Marketing to kids -- pressure mounts

A working group of federal agencies has proposed strict, but voluntary, guidelines for the marketing of F&B products to children. Under the proposal (unveiled April 28), children would be encouraged, through advertising and marketing to select foods that make a meaningful contribution to a healthy diet and contain limited amounts of ingredients that may adversely affect health or weight - more limiting proposals than those undertaken so far by food companies, reports Food Business News.

 

The Interagency Working Group on Food Marketing to Children (I.W.G.), formed as part of the 2009 Omnibus Appropriations Act, includes representatives from the FDA, the CDC, the USDA and the Federal Trade Commission, proposal, which would broaden the media (television. magazines, the Internet and social media) suggests all food products in categories most heavily marketed to children and teens younger than 18 should meet two basic criteria -- being healthful and lacking ingredients that are unhealthful or fattening. Included categories include cereals, snack foods, candy, dairy products, baked foods, carbonated beverages, fruit juice and non carbonated beverages, prepared foods and meals, frozen and chilled desserts and restaurant foods.

 

To qualify as a food making a "meaningful contribution to a healthful diet," contributions from at least one of the following food groups would need to be made -- fruit, vegetable, whole grain, fat-free or low-fat milk products, fish, extra lean meat or poultry, eggs, nuts and seeds, and beans.

 

With a few exceptions (saturated fat and sodium naturally occurring in low-fat milk), foods marketed to children would need to meet the following rules: saturated fat: 1 gram or less per RACC (reference amount customarily served) and 15 percent or less of calories; trans fat: zero grams per RACC; added sugars: No more than 13 grams per RACC; sodium: No more than 210 mg per serving; sodium content of bread varies widely, with a significant number of brands falling on either side of the 210 mg level. Under the proposal, the sodium level would need to be reduced further, to 140 mg, by 2021. Additionally, the guidelines appear not to allow even the 0.5 grams of trans fat that currently may be contained within a product while still calling the food trans fat free.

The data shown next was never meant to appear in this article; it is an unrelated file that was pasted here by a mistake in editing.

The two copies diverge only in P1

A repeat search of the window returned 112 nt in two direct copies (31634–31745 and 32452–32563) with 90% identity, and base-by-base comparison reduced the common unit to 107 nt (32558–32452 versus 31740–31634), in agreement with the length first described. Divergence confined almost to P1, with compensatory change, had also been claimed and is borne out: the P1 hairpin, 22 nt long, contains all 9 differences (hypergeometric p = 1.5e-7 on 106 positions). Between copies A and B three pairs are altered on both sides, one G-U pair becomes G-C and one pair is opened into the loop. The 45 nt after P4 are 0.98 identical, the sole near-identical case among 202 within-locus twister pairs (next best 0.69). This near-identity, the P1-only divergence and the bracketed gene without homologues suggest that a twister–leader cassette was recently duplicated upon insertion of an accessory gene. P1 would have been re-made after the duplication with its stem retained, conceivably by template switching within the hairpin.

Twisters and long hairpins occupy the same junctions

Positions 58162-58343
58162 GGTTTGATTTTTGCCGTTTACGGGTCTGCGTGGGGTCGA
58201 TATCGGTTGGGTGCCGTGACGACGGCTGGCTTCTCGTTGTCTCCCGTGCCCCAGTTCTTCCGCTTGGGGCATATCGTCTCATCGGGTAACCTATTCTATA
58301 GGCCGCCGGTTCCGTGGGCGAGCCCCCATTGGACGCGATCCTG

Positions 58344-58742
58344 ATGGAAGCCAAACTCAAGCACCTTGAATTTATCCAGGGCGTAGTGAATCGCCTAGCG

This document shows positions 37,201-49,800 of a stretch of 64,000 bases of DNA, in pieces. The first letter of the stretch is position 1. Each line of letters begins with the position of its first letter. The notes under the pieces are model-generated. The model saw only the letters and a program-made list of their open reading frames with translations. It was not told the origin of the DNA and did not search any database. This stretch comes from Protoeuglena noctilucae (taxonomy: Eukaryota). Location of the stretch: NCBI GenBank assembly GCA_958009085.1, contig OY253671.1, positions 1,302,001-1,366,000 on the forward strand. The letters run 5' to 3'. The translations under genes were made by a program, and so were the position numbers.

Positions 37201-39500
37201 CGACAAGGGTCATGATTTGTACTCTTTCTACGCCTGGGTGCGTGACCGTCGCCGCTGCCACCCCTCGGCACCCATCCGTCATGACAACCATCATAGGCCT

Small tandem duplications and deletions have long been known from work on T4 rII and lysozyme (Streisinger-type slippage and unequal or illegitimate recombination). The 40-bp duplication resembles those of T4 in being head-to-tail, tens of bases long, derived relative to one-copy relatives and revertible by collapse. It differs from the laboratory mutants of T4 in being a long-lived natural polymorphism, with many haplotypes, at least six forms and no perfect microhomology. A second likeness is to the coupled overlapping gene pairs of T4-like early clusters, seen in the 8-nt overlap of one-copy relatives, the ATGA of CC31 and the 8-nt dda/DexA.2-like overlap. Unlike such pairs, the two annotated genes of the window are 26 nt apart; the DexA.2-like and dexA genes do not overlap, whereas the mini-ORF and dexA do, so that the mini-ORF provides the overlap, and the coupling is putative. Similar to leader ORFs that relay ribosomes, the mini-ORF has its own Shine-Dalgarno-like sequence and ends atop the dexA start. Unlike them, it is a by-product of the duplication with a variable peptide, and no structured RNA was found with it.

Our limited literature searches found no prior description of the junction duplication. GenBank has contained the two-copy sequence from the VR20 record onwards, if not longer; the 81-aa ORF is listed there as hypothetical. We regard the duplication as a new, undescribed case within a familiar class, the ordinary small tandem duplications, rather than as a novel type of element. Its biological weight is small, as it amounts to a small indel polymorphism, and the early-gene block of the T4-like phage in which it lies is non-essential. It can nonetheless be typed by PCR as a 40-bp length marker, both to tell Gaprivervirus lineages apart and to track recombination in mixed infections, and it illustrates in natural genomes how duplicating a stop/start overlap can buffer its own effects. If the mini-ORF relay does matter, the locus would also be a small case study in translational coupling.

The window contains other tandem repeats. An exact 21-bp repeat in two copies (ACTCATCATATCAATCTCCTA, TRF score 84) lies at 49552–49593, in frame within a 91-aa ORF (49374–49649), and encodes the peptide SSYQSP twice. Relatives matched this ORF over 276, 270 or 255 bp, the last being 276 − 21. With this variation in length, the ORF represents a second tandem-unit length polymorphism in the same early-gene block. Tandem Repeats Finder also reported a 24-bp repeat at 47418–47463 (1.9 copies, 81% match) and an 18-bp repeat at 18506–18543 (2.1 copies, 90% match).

Achieving the changes will not be easy, the I.W.G. said, setting a deadline of 2016 as a deadline to meet the guidelines. Beyond limiting the marketing of certain foods, the I.W.G. said it hoped new products and reformulations would result from the plan.

 

The long-awaited guidelines, received an immediate rebuke from the ad industry, which called the initiative "overly restrictive" and based on "limited and outdated information," reports Ad Age  "If companies were to comply with these proposals, the restrictions are sufficiently onerous that they would basically block a substantial amount of advertising," Dan Jaffe, exec VP-government relations for the Association of National Advertisers, told Ad Age.

 

Ironically, the average number of food and beverage ads that kids ages 2 to 11 viewed on children's programming fell by 50 percent between 2004 and 2010, according to research conducted by the Georgetown Economic Service, on behalf of the Grocery Manufacturers Association and the Association of National Advertisers, reports Supermarket News.

 

During the six-year period ads for snack bars fell by nearly 100 percent, cookies by 99 percent, soft drinks by 96 percent and frozen and refrigerated pizza by 95 percent. Many of the changes can be attributed to the 2006 launch of the Children's Food and Beverage Advertising Initiative, whereby 17 food and beverage companies voluntarily opted to apply science-based nutrition standards to marketing viewed by children, according to GMA.